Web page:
Most people carry five to 10 keys with them whenever they go out. On your key ring you might have several keys for the house, one or two more for the car and a few for the office or a friend's house. Your key ring is a clear demonstration of just how ubiquitous lock technology is: You probably interact with locks dozens of times every week.

The main reason we use locks everywhere is that they provide us with a sense of security. But in movies and on television, spies, detectives and burglars can open a lock very easily, sometimes using only a couple of paper clips. This is a sobering thought, to say the least: Is it really possible for someone to open a lock so easily?

In this article, we'll look at the very real practice of lock picking, exploring the fascinating technology of locks and keys in the process. ­

Locksmiths define lock-picking as the manipulation of a lock's components to open a lock without a key. To understand lock-picking, then, you first have to know how locks and keys work.­

­Locks ­come in all shapes and sizes, with many innovative design variations. You can get a clear idea of the process of lock picking by examining one simple, representative lock. Most locks are based on fairly similar concepts.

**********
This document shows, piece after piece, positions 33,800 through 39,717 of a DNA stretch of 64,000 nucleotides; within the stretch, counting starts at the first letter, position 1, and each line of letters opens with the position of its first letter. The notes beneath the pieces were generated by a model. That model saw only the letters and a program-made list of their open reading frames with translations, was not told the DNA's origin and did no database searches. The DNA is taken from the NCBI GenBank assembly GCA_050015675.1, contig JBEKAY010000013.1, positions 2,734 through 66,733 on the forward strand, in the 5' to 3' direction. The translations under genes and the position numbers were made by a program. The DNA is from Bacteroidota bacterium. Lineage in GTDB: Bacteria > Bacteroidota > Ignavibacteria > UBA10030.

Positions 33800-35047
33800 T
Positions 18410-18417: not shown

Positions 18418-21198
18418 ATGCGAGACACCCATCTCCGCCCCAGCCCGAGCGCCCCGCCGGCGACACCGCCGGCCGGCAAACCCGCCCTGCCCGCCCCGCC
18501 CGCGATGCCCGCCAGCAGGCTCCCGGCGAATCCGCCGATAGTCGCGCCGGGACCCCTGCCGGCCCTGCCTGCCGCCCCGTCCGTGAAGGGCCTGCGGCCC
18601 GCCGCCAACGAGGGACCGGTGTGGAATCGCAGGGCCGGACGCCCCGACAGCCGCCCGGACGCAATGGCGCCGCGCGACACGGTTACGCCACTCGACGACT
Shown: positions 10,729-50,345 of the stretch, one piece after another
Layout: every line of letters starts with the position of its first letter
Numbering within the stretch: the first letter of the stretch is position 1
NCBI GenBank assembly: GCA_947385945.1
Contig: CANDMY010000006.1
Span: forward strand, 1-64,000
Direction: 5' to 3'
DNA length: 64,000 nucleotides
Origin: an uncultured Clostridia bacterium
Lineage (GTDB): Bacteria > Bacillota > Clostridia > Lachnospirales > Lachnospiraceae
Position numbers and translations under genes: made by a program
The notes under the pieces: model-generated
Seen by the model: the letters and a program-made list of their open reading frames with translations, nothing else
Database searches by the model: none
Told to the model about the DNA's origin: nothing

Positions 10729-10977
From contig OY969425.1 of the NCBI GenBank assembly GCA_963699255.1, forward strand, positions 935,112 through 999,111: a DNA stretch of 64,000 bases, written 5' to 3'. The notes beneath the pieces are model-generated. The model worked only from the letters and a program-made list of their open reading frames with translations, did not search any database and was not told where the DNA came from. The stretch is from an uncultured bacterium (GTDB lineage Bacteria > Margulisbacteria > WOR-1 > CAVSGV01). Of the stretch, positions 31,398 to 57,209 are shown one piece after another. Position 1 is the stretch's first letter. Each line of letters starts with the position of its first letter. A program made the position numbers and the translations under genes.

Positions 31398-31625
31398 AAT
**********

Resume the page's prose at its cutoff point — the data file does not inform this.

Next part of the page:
For most of us, the most familiar lock is the standard dead-bolt lock you might find on a front door. In a normal deadbolt lock, a movable bolt or latch is embedded in the door so it can be extended out the side. This bolt is lined up with a notch in the frame. When you turn the lock, the bolt extends into the notch in the frame, so the door can't move. When you retract the bolt, the door moves freely.

A deadbolt lock's only job is to make it simple for someone with a key to move the bolt but difficult for someone without a key to move it. In the next section, we'll see how this works in a basic cylinder lock

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